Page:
When the courage of young people helped bring freedom to all

A joint statement by the rector of Comenius University, the rector of the Slovak University of Technology, and the Slovak Academy of Sciences regarding the anniversary of 17 November

15. 11. 2019 15.14 hod.
By: CU Public Relations Office

The series of events that are being remembered today began in Prague on 28 October 1939 on the anniversary of the founding of the democratic Czechoslovak state, which had ceased to exist half a year previously. Massive anti-Nazi demonstrations took place in occupied Prague, and their violent suppression had tragic consequences. Václav Sedláček was shot dead and medical student Ján Opletal would die from serious injuries. His funeral on 15 November 1939 saw thousands of Czech university students, including many Slovaks, take to the streets to protest and resist the totalitarian regime.

A dark hour

The Nazi retaliation was brutal. On 17 November 1939, they forcefully entered the dormitories, including Štefánik Dormitory, which was the  centre of Slovak student life in Prague, and on the same day they executed eight student leaders and one professor. Hundreds of students were deported to concentration camps, and all Czech universities were closed.

News of this barbaric attack on education provoked outrage around the world, and students in Slovakia organized assistance for their Czech counterparts. The freshly lit flames of the Second World War also became a struggle for the freedom of science and universities.

On the initiative of the Czechoslovak foreign resistance, the anniversary of 17 November 1939 became International Students' Day. This was supported by a number of prominent personalities, including Eleanor Roosevelt, the wife of the US president, and was recognized in schools around the free world.

A new hope

Fifty years later on 16 November 1989, a spontaneous and unauthorized demonstration of students from Comenius University took place in Bratislava. A few hundred young people formed a living chain, shouted political slogans, and boldly walked to the Ministry of Education, where their protest ended in an unexpected discussion with a Communist bigwig.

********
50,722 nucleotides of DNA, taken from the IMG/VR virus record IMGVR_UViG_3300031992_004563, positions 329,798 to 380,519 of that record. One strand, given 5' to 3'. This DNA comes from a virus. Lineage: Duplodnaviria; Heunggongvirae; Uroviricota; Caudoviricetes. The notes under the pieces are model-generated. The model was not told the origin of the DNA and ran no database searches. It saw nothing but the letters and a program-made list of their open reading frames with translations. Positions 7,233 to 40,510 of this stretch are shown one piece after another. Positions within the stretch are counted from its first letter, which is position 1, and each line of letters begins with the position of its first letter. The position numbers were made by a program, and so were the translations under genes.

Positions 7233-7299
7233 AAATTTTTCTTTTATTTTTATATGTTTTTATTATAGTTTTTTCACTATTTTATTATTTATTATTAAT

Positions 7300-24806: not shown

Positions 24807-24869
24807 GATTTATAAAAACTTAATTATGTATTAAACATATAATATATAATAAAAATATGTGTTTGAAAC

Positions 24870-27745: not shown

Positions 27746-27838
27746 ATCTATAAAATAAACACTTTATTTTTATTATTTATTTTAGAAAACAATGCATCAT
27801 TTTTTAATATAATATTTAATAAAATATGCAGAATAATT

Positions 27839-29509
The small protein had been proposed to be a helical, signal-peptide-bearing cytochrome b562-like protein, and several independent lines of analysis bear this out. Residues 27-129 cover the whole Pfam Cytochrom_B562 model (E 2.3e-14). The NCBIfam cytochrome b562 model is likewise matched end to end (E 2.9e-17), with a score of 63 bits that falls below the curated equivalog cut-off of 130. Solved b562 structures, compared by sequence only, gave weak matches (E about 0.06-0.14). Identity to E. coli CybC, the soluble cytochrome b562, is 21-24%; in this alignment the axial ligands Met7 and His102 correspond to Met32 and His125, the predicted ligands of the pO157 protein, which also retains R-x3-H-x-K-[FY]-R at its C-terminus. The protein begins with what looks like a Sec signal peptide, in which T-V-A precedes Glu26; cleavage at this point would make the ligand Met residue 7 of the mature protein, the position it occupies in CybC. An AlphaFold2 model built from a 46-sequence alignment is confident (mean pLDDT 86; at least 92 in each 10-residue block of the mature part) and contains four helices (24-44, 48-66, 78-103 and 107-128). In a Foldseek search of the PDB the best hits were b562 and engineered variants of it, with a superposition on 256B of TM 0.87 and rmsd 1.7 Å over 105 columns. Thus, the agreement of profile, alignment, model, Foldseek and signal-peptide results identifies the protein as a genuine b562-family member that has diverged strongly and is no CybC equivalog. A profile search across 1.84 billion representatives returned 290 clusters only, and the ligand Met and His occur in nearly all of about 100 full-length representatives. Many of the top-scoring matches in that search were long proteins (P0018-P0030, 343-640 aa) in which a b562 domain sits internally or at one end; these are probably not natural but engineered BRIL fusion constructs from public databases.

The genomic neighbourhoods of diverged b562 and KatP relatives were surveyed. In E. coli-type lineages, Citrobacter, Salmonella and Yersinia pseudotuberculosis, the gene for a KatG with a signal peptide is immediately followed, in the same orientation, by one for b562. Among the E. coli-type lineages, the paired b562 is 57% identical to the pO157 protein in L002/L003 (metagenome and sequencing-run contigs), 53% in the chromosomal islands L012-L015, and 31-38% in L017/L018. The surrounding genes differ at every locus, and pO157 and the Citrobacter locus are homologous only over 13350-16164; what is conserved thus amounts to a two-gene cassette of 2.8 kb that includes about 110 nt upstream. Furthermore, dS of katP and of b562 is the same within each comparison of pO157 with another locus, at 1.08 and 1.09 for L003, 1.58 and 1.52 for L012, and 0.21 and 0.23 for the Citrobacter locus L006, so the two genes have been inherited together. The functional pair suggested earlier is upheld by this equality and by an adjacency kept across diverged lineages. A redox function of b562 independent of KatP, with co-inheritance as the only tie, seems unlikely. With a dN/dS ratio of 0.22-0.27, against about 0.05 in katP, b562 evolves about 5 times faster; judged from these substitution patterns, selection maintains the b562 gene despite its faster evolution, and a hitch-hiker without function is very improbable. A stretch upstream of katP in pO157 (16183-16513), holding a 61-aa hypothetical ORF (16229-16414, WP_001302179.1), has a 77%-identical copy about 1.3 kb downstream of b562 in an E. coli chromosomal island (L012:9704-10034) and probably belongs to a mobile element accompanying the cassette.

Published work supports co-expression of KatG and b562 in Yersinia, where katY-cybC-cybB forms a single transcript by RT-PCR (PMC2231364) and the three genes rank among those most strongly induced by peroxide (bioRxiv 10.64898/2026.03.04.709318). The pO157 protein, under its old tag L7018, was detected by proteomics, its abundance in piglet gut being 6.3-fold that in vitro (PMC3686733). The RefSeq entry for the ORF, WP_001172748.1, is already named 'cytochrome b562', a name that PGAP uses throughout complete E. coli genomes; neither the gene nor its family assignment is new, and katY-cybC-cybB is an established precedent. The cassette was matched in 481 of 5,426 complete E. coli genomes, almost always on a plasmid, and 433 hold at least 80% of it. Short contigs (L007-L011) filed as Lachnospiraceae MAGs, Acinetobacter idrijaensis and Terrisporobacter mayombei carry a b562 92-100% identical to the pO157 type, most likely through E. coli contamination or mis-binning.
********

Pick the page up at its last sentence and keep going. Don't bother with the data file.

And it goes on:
On Friday 17 November, a memorial gathering was organized by university students in Prague, which started with the lighting of candles at the tomb of the poet Karel Hynek Mácha. This peaceful gathering turned into a march by thousands of students into the centre of Prague, where there was a brutal response by the police. Hundreds of beaten young people ending up with serious injuries in hospital. This was the beginning of the end of the Communist regime in Czechoslovakia.

Culture, memory, and education as a guarantee of humanity 

It is a remarkable thing that the beginning of the events of November 1989 were marked by culture and an effort to preserve the memory of a poet and the students of 1939, who had confronted evil, injustice, and persecution. One of the historical legacies which we want to and must remember is that culture, memory, and education form the foundation that can sustain and preserve the universal values of justice and freedom despite decades of police brutality and political totalitarianism.

As academic officials, we are responsible for the future of science and university education and for preserving the memory and legacy of the past. We realize that students and young people are the driving force in our modern history and have been able to change even that which seemed impossible.

We shall always remember them and we strive to truthfully preserve their legacy within our institutions. At this moment we wish to express our respect for all those students and young people who, under the threat of repression and brutal violence, and in situations where others wished to deprive them of their very future, were able to stand up for what they believed in and for the values of democracy and freedom in order to defend humanity and decency from malevolence and violence.

We hereby express our respect for the courage and suffering of those who stood up so that everyone may have freedom.


Miroslav Fikar, rector of the Slovak University of Technology 

Marek Števček, rector of Comenius University 

Pavol Šajgalík, president of the Slovak Academy of Sciences